GHWs and experimental research

Currently, 176 countries (including France in 2004, Spain in 2005, yet not the USA) have ratified or accepted the WHO's Framework Convention on Tobacco Control (FCTC) treaty requiring tobacco warning information in the form of text, visual (eg, GHW), or a combination of the two (WHO 2003).12 GHWs, offering a visual depiction of the health consequences associated with smoking, are now required in over 77 countries, beginning with Canada in 2001.13 In 2005, the EU adopted a library of 42 (GHW) visuals for use with text warnings, and France and Spain began requiring GHWs beginning in 2011.13 In the USA, although the Family Smoking Prevention & Tobacco Control Act (FSPTCA) (2009) mandated the use of the colour GHWs with text warnings, their use has been blocked by a US federal court decision.6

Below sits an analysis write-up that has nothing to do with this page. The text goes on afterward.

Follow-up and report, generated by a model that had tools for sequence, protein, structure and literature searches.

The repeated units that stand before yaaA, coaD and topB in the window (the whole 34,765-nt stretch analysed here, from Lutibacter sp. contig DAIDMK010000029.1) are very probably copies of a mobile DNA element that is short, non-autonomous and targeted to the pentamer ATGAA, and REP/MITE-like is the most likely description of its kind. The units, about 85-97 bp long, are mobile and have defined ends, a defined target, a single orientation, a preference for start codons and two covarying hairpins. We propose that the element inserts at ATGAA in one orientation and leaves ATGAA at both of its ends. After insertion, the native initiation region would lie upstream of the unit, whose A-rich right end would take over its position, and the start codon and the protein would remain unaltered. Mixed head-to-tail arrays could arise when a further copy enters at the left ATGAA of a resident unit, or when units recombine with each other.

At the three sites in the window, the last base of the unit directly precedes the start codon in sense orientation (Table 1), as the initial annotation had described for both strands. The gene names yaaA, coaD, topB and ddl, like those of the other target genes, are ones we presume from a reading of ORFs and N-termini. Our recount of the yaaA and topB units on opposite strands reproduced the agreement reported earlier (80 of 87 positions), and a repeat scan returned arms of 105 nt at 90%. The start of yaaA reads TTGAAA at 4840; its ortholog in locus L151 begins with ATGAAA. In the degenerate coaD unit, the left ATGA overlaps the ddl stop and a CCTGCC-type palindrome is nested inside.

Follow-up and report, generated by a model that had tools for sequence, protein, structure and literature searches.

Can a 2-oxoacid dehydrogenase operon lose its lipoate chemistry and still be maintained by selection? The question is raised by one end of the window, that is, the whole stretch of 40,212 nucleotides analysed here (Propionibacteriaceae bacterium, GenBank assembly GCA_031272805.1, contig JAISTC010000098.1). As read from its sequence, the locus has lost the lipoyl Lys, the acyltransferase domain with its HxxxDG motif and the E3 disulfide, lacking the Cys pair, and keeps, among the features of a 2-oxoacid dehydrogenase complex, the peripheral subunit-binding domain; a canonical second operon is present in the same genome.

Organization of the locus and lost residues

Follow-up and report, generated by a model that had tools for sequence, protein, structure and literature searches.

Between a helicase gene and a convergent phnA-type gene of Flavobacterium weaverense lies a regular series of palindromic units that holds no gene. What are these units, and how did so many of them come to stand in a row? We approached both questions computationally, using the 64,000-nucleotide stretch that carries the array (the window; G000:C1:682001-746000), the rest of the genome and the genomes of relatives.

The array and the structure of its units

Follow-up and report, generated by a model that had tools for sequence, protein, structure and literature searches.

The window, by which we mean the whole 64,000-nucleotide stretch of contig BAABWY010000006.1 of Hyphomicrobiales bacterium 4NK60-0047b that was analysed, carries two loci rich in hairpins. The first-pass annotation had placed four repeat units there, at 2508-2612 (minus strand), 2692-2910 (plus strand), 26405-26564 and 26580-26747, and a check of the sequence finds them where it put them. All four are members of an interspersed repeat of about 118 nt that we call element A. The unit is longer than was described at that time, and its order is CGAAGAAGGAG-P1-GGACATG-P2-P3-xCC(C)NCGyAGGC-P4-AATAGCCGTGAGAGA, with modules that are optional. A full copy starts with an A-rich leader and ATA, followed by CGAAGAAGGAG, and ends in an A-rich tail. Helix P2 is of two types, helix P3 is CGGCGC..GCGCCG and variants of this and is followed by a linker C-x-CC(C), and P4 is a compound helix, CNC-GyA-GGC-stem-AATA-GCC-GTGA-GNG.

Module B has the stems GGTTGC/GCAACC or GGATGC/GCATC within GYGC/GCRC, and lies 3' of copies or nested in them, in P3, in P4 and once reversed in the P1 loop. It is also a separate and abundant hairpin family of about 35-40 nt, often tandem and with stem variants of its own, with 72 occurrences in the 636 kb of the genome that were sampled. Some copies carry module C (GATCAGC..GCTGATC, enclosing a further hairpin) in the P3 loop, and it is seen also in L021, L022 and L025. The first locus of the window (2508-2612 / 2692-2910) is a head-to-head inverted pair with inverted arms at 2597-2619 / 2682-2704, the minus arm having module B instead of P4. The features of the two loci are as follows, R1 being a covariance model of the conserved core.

A wide variety of research studies have been conducted on GHWs involving many different outcomes.6 Still, relatively few controlled experiments have been conducted to test the effectiveness of GHWs,14–26 which are necessary to establish cause and effect relationships.27 ,28 For example, experimental studies have shown that the level of graphicness affects quit thoughts for adolescent smokers, with both high and moderate graphic levels being more effective than low or no graphic warnings.15 ,22

Plain pack research